Currently, I don't have a lot of free time, because of some changes in my private life. That's why I don't have much time to work on Irrlicht, answer mails, blog, etc. Sorry for that. But yesterday (national holiday) I grabbed some few free hours to play around with Global Illumination: I implemented Radiosity into irrEdit
. The following screen shot shows the first result: A scene lighted with a single point light, calculated with two different lighting algorithms
It doesn't look very impressive yet, I know. Especially if you compare the calculation times: The scene on the left image needed 0.3 seconds to be calculated, the right one about 40 seconds. And this gets even less impressive if you think that you can produce nearly the same result by using the fast version with a shadow opacity value of about 0.8 (which is the default value in irrEdit currently and has been changed to 1.0 here to make the difference more obvious). In addition, I'm not very sure if the result is 100% correct. I didn't make a lot of tests yet. But it's a first step.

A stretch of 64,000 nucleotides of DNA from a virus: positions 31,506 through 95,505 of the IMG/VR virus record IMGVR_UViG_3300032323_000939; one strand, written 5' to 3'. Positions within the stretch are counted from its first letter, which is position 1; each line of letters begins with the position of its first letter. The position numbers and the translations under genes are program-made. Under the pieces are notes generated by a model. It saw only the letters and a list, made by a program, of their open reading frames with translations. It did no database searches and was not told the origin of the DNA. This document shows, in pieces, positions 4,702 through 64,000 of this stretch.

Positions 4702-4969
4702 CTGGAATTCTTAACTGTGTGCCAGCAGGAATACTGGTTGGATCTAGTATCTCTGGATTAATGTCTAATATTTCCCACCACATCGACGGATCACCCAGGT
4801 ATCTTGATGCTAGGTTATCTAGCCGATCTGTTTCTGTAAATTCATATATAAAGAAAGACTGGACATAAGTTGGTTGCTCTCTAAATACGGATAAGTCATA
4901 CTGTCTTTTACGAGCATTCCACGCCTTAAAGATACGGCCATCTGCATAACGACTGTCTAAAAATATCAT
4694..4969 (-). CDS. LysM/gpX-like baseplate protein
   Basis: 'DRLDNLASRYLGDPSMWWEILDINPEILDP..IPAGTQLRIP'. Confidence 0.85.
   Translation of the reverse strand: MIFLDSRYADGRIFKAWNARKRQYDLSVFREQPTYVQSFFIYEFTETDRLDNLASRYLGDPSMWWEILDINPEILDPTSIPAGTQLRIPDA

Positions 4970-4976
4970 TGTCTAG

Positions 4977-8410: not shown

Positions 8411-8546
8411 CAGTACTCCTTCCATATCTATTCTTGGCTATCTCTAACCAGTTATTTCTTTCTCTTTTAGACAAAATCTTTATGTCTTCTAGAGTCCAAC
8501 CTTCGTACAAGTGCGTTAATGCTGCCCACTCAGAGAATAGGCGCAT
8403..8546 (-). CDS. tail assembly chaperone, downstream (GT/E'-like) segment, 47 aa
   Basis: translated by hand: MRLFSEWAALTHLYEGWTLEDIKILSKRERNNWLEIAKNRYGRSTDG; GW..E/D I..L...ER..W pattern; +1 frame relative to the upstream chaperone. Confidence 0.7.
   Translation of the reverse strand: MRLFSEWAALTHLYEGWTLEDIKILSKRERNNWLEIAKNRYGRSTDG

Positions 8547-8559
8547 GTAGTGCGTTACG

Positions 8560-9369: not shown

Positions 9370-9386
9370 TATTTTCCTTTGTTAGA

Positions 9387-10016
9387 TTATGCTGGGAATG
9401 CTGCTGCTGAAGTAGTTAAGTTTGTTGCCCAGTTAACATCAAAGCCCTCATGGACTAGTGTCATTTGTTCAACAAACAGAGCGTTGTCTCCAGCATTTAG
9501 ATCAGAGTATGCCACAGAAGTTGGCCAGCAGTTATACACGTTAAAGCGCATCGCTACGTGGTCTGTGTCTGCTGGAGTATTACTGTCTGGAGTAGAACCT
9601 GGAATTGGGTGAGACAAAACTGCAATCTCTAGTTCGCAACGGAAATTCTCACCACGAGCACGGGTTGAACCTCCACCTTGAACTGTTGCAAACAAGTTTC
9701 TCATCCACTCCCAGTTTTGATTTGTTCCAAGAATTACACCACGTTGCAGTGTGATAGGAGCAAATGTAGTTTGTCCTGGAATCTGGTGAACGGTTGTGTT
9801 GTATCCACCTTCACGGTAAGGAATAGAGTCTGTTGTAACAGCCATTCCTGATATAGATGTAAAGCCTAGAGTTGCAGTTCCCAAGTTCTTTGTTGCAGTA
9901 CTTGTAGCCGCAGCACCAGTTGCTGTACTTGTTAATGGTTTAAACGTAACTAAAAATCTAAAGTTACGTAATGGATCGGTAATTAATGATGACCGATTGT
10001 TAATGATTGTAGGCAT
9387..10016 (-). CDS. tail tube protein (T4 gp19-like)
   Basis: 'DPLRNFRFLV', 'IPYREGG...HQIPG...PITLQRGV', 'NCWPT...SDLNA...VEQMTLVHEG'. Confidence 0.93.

I still have to play around and adjust some stuff in the radiosity renderer, but it works. The cool thing about it: It already theoretically can do nice things like color bleeding and area lights. Another cool feature: Everything is currently implemented in software, everything is running on the CPU, and I already prepared the renderer to run in multiple threads, on multiple cores. But I also prepared it to utilize the GPU for its calculations, just a few dozen lines need to be added to let the renderer use those crazy fast graphics hardware available today.